Among all the things a successful outdoorsman (or woman) must have in his possession, a working knowledge of how to meet the challenges of exposure to the elements is one of the most crucial. While water is essential to life and fire is necessary for warmth, shelter ranks among the top three priorities for human survival.
Without adequate cover, wind and damp conditions can turn an overnight in the wilderness into a miserable and dangerous situation. To survive, the body must maintain its core temperature; wind chill and damp clothing rob the body of heat and threaten deadly hypothermia. As a measure of protection from the elements and to conserve body heat, knowing how to build an emergency shelter may be necessary for getting home alive. Bear in mind that survival structures work best when they conserve energy. Restricting the air space around the body retains precious warmth, while utilizing materials as they are found reduces physical effort.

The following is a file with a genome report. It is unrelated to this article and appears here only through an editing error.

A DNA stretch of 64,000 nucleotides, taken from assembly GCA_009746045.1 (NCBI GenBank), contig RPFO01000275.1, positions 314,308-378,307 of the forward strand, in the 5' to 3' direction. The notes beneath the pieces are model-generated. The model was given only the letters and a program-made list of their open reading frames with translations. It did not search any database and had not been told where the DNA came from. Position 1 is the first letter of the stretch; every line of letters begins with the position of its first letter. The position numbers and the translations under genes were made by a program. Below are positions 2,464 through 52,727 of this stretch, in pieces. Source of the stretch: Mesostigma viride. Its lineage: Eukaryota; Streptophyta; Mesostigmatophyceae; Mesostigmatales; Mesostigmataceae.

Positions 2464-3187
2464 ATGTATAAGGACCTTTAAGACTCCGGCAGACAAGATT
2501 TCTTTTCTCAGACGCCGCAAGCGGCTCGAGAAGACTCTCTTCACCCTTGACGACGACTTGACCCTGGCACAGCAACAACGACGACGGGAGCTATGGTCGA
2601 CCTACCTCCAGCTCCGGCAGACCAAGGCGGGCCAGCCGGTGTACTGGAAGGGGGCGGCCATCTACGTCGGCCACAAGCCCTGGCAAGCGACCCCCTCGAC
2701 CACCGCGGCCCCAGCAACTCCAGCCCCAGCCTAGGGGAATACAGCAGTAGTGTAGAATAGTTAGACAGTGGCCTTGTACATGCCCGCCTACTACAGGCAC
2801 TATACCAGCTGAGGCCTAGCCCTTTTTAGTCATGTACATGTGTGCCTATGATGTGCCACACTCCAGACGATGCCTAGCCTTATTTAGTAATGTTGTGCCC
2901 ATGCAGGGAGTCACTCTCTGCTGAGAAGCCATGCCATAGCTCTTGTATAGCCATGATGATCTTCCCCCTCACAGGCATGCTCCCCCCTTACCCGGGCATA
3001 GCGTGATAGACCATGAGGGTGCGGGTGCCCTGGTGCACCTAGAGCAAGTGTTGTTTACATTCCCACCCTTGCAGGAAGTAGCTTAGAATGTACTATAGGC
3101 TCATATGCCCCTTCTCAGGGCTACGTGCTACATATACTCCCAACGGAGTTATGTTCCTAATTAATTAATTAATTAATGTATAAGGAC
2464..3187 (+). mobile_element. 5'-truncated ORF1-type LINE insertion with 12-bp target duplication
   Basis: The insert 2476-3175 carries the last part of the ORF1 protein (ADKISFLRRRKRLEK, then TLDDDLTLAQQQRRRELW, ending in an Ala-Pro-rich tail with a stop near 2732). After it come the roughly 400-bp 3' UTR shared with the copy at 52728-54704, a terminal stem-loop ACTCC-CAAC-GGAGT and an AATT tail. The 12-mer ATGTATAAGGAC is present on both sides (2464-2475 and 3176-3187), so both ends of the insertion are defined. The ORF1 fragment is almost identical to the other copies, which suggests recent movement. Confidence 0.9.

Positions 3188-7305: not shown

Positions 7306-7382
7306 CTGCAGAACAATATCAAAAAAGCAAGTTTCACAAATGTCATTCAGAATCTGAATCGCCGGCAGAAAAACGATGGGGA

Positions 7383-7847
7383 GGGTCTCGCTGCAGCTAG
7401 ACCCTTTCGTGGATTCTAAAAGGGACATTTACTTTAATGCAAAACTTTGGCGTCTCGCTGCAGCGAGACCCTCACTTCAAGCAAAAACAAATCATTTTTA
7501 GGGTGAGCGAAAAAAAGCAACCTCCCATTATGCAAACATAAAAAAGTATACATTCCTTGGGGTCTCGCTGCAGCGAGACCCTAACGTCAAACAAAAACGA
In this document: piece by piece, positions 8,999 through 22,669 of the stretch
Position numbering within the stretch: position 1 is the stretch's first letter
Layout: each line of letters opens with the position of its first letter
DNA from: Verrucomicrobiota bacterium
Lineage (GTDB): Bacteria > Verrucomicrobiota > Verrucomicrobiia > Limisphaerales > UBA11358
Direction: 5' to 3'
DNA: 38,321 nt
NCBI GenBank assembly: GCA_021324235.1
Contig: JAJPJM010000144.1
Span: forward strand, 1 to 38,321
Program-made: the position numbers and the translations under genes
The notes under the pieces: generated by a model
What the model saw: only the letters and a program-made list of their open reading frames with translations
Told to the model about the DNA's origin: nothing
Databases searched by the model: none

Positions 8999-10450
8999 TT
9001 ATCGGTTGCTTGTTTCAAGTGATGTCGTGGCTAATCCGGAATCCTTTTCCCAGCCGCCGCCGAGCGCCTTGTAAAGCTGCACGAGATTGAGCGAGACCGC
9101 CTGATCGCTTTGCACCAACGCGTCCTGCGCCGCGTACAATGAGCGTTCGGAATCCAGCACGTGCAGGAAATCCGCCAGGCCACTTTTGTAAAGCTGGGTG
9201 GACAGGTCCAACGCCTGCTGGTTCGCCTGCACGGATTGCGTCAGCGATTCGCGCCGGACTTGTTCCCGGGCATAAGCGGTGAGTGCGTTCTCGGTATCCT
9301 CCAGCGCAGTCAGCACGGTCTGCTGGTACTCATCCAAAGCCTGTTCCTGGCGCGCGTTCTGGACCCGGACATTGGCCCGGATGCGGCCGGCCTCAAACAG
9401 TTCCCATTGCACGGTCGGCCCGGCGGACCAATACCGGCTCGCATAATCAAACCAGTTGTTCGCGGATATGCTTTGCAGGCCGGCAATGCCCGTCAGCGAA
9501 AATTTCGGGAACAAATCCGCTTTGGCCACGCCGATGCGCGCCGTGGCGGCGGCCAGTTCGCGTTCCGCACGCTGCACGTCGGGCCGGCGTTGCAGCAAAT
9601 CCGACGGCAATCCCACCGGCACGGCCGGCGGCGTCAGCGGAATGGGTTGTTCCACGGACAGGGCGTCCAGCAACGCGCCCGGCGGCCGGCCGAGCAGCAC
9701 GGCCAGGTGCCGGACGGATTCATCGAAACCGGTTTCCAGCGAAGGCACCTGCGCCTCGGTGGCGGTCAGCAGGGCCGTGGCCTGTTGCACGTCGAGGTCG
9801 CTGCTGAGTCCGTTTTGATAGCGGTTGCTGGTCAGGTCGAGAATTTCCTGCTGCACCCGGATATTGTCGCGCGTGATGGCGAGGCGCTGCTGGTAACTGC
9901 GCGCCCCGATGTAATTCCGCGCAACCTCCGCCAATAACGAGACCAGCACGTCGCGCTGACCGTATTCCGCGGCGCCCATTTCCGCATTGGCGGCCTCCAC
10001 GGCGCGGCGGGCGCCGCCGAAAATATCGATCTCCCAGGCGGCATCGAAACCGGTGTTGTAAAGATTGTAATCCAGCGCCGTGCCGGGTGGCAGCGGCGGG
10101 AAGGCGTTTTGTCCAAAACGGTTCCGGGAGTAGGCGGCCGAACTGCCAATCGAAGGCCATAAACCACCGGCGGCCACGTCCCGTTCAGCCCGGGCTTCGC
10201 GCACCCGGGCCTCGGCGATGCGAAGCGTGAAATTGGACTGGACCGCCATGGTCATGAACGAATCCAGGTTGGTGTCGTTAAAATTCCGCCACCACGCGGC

Whatever the landscape offers will be the optimum materials for building a camp. The tools the outdoorsman has on hand will greatly effect the type of structure that can be built. Topography plays a part in locating camp, but safety and level of protection is absolutely the first priority.
Pits are usually constructed in soft soil by digging a shallow trench to lie in, or located where a natural depression already exists. Short branches span the pit to add a roof while bark panels, pine boughs or grasses are layered over the top. Pits are susceptible to flooding, so they work best in arid areas and are good for combating high winds.
Debris huts, as they are commonly known, are made from branches, twigs, leaf litter and mosses that are easily found in dense hardwood forests. The debris hut works by constructing a lean-to or tripod of large branches, walled in with smaller vertical branches. The outside is then heaped up with pine boughs, fallen leaves and even snow. As one of the warmer structures, a debris hut requires no special tools.
Also known as snow caves, snow shelters make extreme survival possible by providing wind-proof insulation. Even a few inches of snow can be used to turn barren ground into a protective den by packing and stacking it up igloo-style. Alternatively, in deep snow, you can simply dig a snow pit, span it with pine boughs and cover the entire structure with snow. Snow caves can be reinforced from the inside with a small fire inside to glaze and solidify internal walls.
Image via US Army Africa